Don Santo has finally exported the file to a specific location. This means that the copy finally has been installed and saved. However, Don Santo’s manual hides the complicated process of how the copy becomes an original copy. In fact, it makes it look so simple and easy. The reason for this is that Don Santo does not trust the users’ judgement in front of the facts, for the same reason why H. Bhabha criticizes Said’s orientalism. In his essay “The Other Question” Bhabha states that in order to understand and access the Colonial Discourse we need to understand the evidence for its subjectivity and effectivity. We can not criticize the evidence based on its positive or negative aspects, because this will eliminate the only evidence to access the Colonial Discourse. It is our moral right to denounce colonization but when we talk about discourse we need to maintain neutrality. Don Santo knows well that there is the possibility that the viewer might accuse and denounce the evidence because it is too cruel or harsh. This will close the door to the world of the copy and will leave out the opportunity to liberate the copy from the original. Don Santo is also concerned that the bigger software might want to silence the copy by eliminating the evidence. “The Church had to mark off its borders and defend the monopoly it claimed against occasionally disquieting forms of appropriation.” During the colonial period, the Church already knew that the local knowledge could inform the image or object in a way they could have not controlled later. For instance “At the end of the eighteen century, an image discovered in a hacienda of Queretaro region ‘monstrously’ portrayed the Holy Trinity as a head with three faces, “with four eyes, three noses, three mouths and three beards, the body that of the Father while the head was that of that Son”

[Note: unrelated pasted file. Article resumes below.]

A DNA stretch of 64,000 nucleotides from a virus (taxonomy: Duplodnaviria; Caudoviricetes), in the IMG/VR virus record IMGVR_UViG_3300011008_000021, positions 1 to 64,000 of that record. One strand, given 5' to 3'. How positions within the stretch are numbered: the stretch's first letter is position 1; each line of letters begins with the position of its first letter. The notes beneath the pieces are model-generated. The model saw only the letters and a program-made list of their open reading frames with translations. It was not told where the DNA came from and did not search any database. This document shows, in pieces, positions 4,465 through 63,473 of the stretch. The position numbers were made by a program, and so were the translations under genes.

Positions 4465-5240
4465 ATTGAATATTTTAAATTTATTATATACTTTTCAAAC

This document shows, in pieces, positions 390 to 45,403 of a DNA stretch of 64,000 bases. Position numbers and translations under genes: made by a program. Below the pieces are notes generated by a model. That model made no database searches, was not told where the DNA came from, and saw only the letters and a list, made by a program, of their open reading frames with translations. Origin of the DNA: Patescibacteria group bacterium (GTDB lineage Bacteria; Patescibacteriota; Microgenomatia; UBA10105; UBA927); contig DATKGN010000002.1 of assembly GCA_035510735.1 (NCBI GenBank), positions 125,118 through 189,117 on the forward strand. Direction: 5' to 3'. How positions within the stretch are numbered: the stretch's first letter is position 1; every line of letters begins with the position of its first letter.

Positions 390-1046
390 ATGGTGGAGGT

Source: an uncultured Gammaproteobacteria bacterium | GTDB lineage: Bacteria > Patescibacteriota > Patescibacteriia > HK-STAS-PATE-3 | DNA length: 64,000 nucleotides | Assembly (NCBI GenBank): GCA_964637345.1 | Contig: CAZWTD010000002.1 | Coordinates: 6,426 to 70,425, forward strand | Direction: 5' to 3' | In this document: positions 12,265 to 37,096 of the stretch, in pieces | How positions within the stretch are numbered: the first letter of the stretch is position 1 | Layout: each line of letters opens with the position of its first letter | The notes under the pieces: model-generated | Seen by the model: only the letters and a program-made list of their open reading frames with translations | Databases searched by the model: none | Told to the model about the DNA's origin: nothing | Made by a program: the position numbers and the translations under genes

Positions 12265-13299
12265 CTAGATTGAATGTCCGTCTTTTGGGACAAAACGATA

Figure 1: Three-Faced Trinity. C. 1750-70. Oil on Canvas.
Obviously this was a literal interpretation of the global knowledge through the lenses of the local knowledge. This is the kind of noise that the Church wanted to silence. Similar to the church, Bigger Software is also afraid of the artist’s intuition. One form of silencing these copies was by labeling them as illegal or blasphemous. “In order to temper this omnipresence of the image, the baroque church began to oppose both illicit uses and profane misappropriations with increasing firmness…” Another example of the fear towards the intuition or metis can be seen in the use of postcards in Jamaica. In 1902 it was forbidden to write a message on the back of the postcard so people wrote their message on the front of the image; on top of the picturesque landscape. As Susan Stewart mentions, the combination of the message with the image made the postcard look more personal and less global. It was a re-appropriation of the local landscape and an appropriation of the exotic. However, later history books of postcards eliminated the personal messages written on the postcard, with the purpose to get a clear view of the actual object, ignoring that erasing the marks of the postcard was also erasing the trajectory of the object. But if we look at the path of the object from a neutral position and copy it without judging any scratch that the object obtained over time, we are going to access the object through its trajectory, motives, and encounters that it had at a local level.
 Bhabha, Homi K. 1994. The location of culture. London: Routledge. 72.
 Gruzinski, Serge, and Heather MacLean. 2001. Images at war: Mexico from Columbus to Blade Runner (1492-2019). Durham: Duke University Press. 163.
 Ibid., 164.
 Ibid., 163.
 Jay, Martin, and Sumathi Ramaswamy. 2014. Empires of vision: a reader. 477.
 Jay, Martin, and Sumathi Ramaswamy. 2014. Empires of vision: a reader. 486.